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8 Most Common AR-15 Failures & How To Fix Them

The AR-15 is reliable but can still have some hiccups. We go over a couple of the most common AR-15 failures and how to fix them.

Failures happen, no matter what type of platform you’re shooting.

Handguns, bolt-actions, levers, revolvers – everything can fail. Yes, even revolvers.

But today we’re talking about the AR platform.

Modded AR-15s
Modded AR-15s

The ArmaLite Rifle is one of the most popular and innovative platforms in the world.

Unfortunately, while this design has many benefits and virtues, it’s not immune to malfunctions. The good news is that most of these failures are easy to diagnose and correct.

Today, we’re going to review common AR failures, as well as the simple tips, tricks, and adjustments that will get your gun cycling normally again.

Faxon Firearms Ascent AR-15
Faxon Firearms Ascent AR-15

But before we get started, we want to mention that some of these can easily be prevented through knowing the basic functionalities of your AR-15.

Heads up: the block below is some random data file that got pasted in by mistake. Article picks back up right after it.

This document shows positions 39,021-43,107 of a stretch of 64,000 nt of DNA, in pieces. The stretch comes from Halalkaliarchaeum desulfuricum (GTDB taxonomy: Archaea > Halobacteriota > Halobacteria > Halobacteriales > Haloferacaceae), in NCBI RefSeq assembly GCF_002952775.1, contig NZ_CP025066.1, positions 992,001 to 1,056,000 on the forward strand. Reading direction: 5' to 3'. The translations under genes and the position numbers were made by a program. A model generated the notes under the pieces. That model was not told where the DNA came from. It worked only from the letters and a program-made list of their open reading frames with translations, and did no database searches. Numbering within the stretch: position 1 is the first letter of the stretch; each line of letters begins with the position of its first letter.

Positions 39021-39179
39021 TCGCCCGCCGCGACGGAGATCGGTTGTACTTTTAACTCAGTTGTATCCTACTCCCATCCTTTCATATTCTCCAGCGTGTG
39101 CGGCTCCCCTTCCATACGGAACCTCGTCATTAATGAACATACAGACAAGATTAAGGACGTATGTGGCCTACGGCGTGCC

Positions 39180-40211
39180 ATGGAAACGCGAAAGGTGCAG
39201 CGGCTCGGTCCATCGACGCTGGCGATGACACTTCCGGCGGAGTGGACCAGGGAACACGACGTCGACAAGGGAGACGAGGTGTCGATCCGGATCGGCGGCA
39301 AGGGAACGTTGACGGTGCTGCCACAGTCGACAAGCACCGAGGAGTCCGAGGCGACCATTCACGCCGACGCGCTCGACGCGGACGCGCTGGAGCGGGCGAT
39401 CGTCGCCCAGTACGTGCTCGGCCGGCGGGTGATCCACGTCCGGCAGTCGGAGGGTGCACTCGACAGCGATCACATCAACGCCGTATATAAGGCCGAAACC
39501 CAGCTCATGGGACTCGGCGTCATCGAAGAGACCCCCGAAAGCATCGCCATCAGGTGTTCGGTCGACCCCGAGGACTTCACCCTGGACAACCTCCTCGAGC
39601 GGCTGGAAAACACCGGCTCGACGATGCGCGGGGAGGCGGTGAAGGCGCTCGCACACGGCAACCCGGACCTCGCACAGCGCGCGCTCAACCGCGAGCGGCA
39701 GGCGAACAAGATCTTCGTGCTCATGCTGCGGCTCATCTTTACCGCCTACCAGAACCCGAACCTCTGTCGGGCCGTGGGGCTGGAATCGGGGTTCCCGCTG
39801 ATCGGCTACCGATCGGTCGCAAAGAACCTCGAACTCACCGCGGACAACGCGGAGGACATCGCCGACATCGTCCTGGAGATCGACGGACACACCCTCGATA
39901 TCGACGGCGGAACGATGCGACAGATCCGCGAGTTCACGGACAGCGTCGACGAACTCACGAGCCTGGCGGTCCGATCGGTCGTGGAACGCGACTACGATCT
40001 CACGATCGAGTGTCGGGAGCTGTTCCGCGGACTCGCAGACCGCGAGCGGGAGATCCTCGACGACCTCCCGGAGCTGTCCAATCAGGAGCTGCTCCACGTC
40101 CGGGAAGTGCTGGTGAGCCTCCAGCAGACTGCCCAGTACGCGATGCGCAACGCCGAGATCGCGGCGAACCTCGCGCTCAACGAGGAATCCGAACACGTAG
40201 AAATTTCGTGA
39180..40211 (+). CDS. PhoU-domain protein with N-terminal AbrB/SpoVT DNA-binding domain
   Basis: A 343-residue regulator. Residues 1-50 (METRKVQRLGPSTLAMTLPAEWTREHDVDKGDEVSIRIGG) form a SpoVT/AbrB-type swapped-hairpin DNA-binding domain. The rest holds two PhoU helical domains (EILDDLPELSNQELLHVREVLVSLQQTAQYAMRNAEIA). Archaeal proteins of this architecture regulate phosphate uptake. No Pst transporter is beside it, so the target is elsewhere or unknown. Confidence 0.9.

Let’s be real, some failures really are just user errors (ahem, not seating your mag properly).

So, brush up on the basics with the Brownells Daily Defense video below!

Let’s get started!

Table of Contents


Always Observe Safety Precautions

Before we dig into AR malfunctions, we need to go over a few critical safety tips.

If your AR doesn’t fire as you expect it to, stop.

Blindly attempting to load another round or forcing the trigger to work can only lead to misfortune.  

Instead, remove your finger from the trigger and make sure your gun is pointed in a safe direction.

Faxon Firearms Ascent AR Trigger
First step….finger needs to come off the trigger.

At this point, you can proceed to diagnose the problem.

This process naturally becomes more intuitive with time and experience. But even expert gunslingers know to take their time and prioritize safety over speed.

Doctor lol

You’ll eventually learn how to clear failures like a champ, but take it easy while it’s a new skill.

Be careful, pay attention, and learn as you go.

8 Common AR-15 Failures

1. Failure to Feed (FTF)

Failure to feed (FTF) is one of the most common malfunctions you’ll encounter as a gun owner.